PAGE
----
Thursday, May 19, 2011

My Hoard of Silver Dollars

Having joined the ranks of "Hawkers of Gold," I decided that I should take the plunge and buy a precious metal coin. I cannot afford a gold coin; but a silver dollar is still within my reach.

Anyway, two cull grade dollars from I prefer "cull" to the collector quality coins as I prefer coins that were actually used in trade. I have little interested in the coins that have been hoarded by collectors or banks in unciculated quality.

I received a 1925 Peace Dollar and an 1879 Morgan Silver Dollar in the mail yesterday. The average of the two dates is 1902. It is so cool to have coins that have been around for a hundred years.

My pocket scales says the Peace dollar weighs 26.61 grams and the Morgan 26.46. The Morgan Dollar lost a percent of its mass in its life as a coin. The Peace Dollar lost half a percent of its mass.

These aren't the first two silver dollars I've seen, but they are the first I've owned.

Because I own the pieces, I feel free to flip them. I should have bought three ... then I could juggle coins.

As for the purchase: I liked the selection of coins. I found their interface a bit confusing. It took me several minutes to find the section of the site that allows me to buy individual coins. I love the way they divide the silver dollars into the categories of below cull, cull, almost good and good.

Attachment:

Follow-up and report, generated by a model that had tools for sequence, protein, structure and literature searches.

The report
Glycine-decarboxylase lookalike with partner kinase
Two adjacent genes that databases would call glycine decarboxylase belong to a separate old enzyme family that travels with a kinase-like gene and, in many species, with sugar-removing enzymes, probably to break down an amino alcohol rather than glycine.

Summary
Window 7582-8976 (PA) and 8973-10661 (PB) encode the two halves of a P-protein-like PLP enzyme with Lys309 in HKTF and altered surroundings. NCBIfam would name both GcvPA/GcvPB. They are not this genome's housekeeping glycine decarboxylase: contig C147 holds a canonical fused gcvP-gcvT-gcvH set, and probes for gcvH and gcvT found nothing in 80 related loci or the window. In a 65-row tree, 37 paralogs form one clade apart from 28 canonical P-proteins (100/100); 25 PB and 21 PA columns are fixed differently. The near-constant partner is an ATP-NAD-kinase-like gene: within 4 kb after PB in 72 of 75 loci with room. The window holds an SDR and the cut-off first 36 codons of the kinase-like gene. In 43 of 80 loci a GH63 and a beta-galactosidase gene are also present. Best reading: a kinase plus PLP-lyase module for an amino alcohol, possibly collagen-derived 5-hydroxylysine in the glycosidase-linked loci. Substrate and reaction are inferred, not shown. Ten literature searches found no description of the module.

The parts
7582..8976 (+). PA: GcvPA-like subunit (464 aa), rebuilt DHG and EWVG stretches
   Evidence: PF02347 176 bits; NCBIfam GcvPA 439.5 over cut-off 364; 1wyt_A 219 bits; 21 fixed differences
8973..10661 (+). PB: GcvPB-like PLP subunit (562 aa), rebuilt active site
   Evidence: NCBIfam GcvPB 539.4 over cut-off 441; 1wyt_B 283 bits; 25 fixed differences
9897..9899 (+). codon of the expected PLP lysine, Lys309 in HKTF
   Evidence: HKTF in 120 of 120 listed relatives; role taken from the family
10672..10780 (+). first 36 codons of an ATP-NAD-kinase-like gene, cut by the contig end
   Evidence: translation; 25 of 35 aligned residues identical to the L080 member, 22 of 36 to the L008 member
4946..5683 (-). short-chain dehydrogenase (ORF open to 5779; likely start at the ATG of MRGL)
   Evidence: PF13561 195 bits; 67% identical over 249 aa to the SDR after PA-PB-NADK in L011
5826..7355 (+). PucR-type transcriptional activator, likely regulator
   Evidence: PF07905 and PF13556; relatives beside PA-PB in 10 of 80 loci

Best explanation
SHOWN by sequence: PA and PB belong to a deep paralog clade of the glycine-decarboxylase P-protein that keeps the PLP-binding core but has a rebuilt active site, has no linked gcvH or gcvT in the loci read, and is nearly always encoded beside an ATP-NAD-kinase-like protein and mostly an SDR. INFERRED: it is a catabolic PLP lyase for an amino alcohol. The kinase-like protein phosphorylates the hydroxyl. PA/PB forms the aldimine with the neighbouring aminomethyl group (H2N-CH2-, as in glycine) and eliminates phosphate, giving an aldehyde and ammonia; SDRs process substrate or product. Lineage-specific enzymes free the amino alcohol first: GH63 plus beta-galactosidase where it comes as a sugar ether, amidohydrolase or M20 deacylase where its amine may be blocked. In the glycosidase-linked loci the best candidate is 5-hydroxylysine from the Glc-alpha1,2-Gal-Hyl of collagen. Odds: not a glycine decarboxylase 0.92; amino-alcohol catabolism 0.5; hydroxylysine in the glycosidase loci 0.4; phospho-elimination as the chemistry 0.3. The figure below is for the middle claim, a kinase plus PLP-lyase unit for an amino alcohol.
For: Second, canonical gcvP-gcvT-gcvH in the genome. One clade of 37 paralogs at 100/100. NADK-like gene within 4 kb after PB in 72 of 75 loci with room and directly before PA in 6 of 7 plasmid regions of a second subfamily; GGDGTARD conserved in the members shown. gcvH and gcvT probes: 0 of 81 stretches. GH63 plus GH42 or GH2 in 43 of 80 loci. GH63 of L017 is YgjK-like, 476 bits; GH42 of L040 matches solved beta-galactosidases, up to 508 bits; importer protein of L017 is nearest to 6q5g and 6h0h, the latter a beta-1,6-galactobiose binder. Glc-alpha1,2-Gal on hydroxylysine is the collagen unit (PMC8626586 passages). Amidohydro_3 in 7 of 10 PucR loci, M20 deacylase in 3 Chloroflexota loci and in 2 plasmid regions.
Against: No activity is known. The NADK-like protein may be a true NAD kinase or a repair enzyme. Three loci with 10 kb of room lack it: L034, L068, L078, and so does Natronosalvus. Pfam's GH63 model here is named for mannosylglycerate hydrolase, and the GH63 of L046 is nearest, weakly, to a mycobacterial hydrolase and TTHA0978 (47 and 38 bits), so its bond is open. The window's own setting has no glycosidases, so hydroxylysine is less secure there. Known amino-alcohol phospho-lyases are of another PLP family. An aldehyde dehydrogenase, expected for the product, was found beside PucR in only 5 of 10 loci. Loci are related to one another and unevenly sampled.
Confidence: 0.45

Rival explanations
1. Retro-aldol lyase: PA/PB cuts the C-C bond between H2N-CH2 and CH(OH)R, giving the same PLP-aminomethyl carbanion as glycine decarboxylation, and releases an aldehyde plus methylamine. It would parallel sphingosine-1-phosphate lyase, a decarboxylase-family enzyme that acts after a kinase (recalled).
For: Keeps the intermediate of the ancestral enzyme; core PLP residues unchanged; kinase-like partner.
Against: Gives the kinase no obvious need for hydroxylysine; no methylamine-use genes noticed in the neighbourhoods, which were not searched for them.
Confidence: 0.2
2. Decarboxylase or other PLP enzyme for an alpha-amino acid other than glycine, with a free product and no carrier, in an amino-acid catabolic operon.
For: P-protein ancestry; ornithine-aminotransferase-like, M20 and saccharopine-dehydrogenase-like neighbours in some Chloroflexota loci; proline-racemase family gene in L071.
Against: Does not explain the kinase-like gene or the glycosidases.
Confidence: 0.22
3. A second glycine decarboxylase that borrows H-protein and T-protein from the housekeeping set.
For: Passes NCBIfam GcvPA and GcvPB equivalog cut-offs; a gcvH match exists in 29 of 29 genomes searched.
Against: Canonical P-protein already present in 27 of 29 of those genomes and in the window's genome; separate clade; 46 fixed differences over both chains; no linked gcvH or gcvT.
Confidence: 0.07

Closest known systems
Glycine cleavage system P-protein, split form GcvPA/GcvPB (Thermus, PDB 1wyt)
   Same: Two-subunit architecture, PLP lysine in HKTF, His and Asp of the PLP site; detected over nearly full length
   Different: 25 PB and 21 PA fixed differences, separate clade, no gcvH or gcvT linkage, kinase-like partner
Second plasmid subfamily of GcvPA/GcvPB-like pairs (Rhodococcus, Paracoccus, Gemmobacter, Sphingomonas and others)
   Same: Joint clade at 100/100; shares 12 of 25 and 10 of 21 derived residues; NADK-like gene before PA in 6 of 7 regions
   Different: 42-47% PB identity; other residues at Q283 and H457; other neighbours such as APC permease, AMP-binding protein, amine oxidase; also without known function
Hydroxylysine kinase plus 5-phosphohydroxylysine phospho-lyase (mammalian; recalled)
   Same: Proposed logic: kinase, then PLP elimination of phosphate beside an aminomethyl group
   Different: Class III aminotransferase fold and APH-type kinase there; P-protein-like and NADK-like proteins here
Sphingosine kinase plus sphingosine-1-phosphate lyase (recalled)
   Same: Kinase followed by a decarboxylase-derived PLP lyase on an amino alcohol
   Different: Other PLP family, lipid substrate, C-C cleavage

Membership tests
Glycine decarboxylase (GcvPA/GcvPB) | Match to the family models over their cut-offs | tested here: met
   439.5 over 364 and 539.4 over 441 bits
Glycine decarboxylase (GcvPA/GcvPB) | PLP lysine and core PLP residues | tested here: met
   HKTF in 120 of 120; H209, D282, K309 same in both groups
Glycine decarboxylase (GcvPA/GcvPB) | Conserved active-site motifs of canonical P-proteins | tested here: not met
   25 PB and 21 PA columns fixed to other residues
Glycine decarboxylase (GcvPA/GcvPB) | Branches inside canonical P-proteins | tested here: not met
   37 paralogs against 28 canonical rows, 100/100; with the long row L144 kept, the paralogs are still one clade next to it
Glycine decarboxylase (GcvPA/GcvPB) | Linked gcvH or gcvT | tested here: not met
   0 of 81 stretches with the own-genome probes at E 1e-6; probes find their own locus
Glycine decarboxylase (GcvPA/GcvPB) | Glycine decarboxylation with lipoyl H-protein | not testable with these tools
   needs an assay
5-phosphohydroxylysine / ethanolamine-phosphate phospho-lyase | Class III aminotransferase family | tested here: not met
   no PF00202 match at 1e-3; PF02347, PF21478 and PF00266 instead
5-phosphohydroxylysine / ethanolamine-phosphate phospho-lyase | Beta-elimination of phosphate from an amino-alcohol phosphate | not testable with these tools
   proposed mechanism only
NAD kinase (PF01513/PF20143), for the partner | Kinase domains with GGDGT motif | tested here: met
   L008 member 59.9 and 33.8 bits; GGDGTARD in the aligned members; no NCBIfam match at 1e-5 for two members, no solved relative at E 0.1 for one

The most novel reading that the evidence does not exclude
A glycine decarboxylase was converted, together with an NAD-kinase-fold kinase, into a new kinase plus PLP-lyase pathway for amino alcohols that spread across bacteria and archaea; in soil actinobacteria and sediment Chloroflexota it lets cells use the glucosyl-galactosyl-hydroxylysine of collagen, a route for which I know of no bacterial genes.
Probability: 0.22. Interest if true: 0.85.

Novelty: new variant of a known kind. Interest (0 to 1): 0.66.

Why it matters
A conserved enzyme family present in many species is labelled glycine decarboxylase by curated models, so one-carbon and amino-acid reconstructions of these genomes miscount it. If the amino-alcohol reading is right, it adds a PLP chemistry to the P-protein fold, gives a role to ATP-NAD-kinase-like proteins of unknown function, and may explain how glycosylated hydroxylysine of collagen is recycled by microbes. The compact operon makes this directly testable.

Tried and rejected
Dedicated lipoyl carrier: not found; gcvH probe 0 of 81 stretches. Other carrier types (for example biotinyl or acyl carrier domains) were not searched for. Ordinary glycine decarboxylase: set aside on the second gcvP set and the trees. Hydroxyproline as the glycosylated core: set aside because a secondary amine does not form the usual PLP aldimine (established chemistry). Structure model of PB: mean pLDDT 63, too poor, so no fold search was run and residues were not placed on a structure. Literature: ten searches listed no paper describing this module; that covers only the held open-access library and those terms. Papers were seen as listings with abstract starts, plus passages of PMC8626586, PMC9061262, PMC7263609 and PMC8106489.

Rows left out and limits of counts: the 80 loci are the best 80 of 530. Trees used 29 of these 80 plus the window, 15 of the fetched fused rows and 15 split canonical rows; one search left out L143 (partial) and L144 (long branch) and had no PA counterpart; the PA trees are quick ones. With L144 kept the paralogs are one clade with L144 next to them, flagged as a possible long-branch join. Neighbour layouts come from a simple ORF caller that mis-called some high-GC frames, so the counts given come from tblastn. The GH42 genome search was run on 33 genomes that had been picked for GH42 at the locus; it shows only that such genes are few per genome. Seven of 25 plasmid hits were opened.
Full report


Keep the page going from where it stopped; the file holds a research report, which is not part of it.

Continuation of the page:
My biggest complaint with the APMEX was the shipping costs. The shipping and handling costs for my two coin order was $12.95. More outrageous than the fact that they charged $12.95 to ship the coins, they spent that much shipping the things. The coins arived in an oversized box stuffed with expensive packaging.

To the web site's credit, APMEX's primary market is folks spending thousands of dollars on coins. Small fries like me are a nuisance.

Of course, a person who matters might be aquiring coins in small quantities ... or might run a test order before a real order.

If I were running shop selling coins online, I would have a path for selling packets of one or two coins to appease the rabble ... even if my primary market was people who could afford a whole roll of coins.

The US Mint charges $4.95 to ship a packet with 10 quarters. So it should be possible to reduce the shipping cost on small orders.

Because of the high shipping costs, my investment in two silver dollars will not return a profit until silver tips $55 an ounce. Assuming I have to pay shipping to sell the coins, my investment won't realize a profit return until silver hits $60.00 an ounce.

Excessive shipping fees aside, I am having fun owning two silver coins.

The next challenge is figuring out how to dispose of them. My goal is to become a "hawker of gold" ... not the owner of gold.

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